Significant risks faced by the oil and gas industry lead to the need of methodologies able to evaluate project and measure risk. Risk-mitigation strategies are most effective when the assessment of the risk includes an in-depth study of several uncertainties involved, with the aim of optimizing investment return. In this basket, petrophysical uncertainty acts a significant role in the risk assessment phase, especially in the computation of volumetrics.
The scope of this work is the presentation of a methodology coming up from a real case study, where the limited information available makes challenging, yet critical, the creation of a robust input dataset for petrophysical interpretation and the assessment of the relevant uncertainties.
The well log database is heterogeneous due to the complex data acquisition history of the field, and no information are available about tools and hole conditions. Thus, the use of neural networks allowed the prediction of missing log sections, and core data poor representativeness leaded to the need of integration from analogue wells from a regional database, making the uncertainty assessment quite complex.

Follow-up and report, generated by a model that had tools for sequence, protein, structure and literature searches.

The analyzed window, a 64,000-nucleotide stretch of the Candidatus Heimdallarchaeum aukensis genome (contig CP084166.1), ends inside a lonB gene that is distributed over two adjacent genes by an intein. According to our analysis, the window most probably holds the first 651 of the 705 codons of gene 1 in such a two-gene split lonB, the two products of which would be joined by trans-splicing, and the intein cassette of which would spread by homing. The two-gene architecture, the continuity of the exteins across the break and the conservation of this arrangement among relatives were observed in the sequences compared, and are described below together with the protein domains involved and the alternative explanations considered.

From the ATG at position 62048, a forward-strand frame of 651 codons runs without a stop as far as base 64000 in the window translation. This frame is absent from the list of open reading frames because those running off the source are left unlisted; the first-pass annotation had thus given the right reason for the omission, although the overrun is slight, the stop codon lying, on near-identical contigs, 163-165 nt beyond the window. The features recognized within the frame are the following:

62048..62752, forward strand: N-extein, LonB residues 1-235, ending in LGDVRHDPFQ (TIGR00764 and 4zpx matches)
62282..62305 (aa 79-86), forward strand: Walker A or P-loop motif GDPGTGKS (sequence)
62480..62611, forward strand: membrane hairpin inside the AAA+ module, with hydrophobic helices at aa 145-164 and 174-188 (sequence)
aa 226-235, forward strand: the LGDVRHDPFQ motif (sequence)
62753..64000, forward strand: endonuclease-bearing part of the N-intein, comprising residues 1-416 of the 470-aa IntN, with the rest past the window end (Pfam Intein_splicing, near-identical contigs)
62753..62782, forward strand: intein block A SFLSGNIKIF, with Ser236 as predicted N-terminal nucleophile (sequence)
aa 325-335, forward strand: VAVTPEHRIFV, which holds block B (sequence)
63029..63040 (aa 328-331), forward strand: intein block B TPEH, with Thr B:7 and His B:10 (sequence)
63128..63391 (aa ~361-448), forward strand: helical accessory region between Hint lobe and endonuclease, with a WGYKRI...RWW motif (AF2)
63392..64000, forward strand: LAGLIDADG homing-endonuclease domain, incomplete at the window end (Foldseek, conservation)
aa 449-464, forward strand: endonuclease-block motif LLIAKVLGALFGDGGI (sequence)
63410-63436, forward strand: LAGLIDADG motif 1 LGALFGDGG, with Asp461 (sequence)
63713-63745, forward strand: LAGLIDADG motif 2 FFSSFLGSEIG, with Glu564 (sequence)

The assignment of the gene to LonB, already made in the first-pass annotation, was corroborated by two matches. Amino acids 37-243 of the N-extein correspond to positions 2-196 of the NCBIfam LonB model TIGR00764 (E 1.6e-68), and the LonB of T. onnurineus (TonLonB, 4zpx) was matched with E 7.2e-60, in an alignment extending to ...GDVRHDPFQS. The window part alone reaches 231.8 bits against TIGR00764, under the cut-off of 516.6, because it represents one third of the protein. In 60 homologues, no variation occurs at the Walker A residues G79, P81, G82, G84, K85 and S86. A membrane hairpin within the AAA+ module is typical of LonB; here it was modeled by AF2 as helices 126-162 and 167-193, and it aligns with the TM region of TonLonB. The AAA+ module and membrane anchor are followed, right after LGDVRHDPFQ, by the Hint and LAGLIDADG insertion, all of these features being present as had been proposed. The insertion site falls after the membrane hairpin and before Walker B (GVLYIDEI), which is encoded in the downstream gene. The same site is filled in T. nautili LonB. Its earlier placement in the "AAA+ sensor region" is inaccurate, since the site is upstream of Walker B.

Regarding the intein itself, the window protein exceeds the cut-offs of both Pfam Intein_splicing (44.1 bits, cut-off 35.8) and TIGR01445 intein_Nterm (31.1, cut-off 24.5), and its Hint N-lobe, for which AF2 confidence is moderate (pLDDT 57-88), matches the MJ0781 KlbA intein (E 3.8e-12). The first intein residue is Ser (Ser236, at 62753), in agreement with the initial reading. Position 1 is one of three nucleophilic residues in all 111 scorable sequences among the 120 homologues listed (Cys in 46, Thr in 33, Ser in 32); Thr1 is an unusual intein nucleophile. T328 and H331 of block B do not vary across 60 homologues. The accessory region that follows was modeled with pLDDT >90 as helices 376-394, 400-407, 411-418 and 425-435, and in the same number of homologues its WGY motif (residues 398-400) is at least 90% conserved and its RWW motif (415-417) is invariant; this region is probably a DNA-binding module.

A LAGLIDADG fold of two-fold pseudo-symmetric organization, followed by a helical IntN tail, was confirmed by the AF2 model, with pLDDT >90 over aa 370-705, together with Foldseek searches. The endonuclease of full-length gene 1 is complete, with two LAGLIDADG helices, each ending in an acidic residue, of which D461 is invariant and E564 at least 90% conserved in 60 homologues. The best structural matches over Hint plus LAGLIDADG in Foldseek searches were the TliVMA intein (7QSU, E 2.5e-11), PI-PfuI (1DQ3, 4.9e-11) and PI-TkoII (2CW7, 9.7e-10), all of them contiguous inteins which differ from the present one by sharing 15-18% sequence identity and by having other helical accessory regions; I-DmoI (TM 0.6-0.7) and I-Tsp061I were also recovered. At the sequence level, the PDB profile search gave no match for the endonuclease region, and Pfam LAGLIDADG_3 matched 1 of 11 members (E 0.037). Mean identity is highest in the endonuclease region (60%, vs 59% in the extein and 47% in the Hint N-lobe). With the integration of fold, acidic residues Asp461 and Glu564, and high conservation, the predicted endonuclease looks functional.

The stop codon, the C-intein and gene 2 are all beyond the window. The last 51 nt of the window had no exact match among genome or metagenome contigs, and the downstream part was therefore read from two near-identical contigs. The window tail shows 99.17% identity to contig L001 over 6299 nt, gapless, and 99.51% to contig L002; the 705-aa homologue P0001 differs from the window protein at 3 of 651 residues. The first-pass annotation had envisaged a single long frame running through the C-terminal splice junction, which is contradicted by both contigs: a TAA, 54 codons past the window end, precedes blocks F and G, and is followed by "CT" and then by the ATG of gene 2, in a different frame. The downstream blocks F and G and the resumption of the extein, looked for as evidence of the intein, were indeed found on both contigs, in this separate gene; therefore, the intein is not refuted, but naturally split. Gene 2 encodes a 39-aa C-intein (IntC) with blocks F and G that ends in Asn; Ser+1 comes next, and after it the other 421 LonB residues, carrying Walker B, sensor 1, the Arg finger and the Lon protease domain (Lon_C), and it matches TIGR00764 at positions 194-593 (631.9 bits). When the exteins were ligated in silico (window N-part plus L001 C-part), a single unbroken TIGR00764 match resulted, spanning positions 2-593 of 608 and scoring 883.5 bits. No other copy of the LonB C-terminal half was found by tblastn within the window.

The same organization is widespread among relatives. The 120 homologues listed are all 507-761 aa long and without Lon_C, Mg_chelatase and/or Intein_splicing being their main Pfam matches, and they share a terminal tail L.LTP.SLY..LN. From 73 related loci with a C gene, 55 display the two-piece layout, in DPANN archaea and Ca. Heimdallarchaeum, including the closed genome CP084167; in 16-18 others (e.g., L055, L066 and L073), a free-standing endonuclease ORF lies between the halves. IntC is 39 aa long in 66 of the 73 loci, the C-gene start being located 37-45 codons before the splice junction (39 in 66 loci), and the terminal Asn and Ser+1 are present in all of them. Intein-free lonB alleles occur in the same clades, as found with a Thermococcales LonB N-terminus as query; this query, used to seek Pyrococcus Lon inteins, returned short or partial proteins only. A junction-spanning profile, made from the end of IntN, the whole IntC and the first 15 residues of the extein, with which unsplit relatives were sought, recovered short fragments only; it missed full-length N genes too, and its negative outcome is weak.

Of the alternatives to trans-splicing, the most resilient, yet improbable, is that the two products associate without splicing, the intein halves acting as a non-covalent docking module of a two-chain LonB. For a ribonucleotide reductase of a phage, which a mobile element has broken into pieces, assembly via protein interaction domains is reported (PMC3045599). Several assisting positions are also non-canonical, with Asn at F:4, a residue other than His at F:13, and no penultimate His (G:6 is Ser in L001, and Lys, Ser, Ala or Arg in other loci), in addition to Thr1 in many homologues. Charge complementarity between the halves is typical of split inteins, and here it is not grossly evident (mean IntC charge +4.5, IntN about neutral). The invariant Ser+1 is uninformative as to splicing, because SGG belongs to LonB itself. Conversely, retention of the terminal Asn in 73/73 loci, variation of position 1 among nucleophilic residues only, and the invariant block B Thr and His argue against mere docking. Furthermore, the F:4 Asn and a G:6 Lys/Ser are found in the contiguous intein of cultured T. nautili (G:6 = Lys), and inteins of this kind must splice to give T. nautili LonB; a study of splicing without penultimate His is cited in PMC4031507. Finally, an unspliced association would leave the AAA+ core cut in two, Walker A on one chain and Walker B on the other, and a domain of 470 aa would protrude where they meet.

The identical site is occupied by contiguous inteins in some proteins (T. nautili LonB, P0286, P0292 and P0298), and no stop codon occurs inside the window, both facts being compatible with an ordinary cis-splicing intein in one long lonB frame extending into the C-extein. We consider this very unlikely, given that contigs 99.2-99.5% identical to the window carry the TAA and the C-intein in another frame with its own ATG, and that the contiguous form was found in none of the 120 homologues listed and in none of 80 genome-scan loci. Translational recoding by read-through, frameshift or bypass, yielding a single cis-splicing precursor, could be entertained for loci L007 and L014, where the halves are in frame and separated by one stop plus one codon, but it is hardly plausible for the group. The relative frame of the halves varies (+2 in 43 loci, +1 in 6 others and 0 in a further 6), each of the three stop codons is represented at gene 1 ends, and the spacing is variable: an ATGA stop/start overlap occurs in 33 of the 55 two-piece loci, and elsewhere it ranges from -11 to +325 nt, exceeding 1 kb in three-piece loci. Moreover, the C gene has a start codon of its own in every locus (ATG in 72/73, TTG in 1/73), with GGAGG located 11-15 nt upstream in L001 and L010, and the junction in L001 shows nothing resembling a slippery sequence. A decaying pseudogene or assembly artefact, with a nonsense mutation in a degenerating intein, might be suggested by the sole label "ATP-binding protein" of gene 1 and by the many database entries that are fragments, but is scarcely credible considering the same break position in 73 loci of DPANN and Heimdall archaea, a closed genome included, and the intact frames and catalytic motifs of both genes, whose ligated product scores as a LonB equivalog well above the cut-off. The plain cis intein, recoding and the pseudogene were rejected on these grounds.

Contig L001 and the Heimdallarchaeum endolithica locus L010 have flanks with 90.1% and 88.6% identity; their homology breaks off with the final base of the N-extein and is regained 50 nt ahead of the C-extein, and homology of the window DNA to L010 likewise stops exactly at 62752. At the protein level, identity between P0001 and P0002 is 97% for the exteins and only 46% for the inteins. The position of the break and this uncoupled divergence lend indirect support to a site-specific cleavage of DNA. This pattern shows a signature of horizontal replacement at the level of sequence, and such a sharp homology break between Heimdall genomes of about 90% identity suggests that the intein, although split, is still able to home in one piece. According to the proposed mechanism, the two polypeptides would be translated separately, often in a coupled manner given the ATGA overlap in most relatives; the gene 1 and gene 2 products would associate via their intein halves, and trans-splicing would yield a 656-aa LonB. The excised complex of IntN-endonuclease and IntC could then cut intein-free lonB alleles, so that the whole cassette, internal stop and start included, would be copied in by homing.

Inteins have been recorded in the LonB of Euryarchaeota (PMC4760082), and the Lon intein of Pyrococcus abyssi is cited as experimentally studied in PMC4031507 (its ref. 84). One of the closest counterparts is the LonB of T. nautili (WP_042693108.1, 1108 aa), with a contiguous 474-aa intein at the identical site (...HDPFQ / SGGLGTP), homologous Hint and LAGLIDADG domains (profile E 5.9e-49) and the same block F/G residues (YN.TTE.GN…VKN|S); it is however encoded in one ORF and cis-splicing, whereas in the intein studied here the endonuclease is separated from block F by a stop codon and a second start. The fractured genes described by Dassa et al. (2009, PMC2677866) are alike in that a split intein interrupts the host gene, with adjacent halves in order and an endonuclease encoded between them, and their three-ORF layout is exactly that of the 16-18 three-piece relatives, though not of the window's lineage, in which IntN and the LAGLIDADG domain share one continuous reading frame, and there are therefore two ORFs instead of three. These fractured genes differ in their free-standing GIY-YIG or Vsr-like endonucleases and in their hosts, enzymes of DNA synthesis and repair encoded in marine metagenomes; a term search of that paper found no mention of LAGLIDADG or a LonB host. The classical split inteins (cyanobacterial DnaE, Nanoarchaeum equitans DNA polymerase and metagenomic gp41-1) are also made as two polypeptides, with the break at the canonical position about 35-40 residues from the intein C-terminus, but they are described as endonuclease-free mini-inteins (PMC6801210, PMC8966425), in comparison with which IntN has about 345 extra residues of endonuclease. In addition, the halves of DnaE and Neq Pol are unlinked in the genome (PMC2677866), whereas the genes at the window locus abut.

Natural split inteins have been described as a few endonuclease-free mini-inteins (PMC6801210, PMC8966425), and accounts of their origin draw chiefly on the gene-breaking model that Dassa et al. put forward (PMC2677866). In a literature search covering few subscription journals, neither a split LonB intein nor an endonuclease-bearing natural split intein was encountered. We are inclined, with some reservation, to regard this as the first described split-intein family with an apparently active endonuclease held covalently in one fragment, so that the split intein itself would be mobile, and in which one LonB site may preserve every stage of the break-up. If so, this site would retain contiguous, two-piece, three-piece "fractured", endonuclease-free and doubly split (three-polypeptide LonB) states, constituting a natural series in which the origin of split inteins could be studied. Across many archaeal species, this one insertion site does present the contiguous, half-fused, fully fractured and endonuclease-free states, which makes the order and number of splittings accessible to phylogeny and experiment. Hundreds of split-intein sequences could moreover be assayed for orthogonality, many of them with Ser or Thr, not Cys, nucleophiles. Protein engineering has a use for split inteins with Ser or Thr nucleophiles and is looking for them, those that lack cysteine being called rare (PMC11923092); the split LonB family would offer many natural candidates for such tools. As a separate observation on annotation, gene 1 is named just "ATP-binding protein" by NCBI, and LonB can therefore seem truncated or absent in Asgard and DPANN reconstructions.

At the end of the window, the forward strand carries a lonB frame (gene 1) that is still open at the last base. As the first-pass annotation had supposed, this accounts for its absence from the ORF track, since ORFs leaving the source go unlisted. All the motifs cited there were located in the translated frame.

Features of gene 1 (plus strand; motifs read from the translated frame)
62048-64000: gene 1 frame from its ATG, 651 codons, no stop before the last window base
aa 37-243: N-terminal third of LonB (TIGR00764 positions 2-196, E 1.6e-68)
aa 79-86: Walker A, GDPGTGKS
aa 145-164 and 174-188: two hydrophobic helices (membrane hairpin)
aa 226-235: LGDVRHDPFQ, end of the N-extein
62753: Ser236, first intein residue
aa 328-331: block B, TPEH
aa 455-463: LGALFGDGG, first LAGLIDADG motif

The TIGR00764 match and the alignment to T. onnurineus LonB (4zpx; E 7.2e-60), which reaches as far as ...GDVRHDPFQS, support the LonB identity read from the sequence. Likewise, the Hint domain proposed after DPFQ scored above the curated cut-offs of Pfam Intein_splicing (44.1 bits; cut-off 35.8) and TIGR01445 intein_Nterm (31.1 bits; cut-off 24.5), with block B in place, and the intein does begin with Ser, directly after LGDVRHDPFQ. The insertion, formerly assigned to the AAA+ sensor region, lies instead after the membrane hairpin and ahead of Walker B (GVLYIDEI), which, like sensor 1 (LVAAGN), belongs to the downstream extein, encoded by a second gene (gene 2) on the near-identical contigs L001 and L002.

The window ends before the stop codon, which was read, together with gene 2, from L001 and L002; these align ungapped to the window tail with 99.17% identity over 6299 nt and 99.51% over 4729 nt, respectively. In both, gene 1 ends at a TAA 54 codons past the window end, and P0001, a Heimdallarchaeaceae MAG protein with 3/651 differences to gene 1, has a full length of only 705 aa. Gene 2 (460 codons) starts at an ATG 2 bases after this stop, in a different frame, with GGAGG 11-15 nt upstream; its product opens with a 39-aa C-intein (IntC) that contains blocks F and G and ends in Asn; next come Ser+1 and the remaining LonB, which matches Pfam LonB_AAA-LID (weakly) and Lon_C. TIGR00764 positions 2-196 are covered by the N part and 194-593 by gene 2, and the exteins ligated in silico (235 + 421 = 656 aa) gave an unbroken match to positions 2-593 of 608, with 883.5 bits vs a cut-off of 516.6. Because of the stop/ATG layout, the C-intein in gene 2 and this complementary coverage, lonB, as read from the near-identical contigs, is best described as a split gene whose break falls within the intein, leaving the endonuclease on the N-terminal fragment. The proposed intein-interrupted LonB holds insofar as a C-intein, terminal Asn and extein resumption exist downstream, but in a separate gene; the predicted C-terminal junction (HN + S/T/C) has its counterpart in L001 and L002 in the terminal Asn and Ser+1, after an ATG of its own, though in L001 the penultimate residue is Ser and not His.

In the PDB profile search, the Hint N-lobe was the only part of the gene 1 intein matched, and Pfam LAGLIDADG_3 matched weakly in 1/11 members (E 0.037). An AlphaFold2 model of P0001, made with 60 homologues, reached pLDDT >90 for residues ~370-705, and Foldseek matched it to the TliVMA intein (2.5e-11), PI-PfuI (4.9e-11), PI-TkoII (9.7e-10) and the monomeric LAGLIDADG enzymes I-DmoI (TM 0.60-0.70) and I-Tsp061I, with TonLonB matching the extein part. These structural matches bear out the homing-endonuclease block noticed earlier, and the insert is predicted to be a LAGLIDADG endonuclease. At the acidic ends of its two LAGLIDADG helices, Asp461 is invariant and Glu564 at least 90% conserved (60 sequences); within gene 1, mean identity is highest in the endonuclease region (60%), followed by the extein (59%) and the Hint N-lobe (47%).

The work proposes the use of Monte Carlo Simulations to assess and propagate petrophysical uncertainty information, and different solutions to integrate the results in the static geological model, ranging from building discrete petrophysical scenarios (conservative, expected and optimistic), to the use of full petrophysical output distribution. The petrophysical uncertainty shows a significant impact on the in-place volume distribution and therefore provide an important element for the subsequent risk analysis phase.
Many people faced the issue of quantifying the petrophysical uncertainty through years, resulting in the production of several approaches, but unfortunately not so many available "on the shelf" and, thus, rarely facing the problem of having poor database, with scarce information about the environment at the moment of the measure.
One of the first issues to approach is the following: a direct measure of the main petrophysical parameters does not exist, since there are not tools provided for their measure. We use so to call them indirect measures.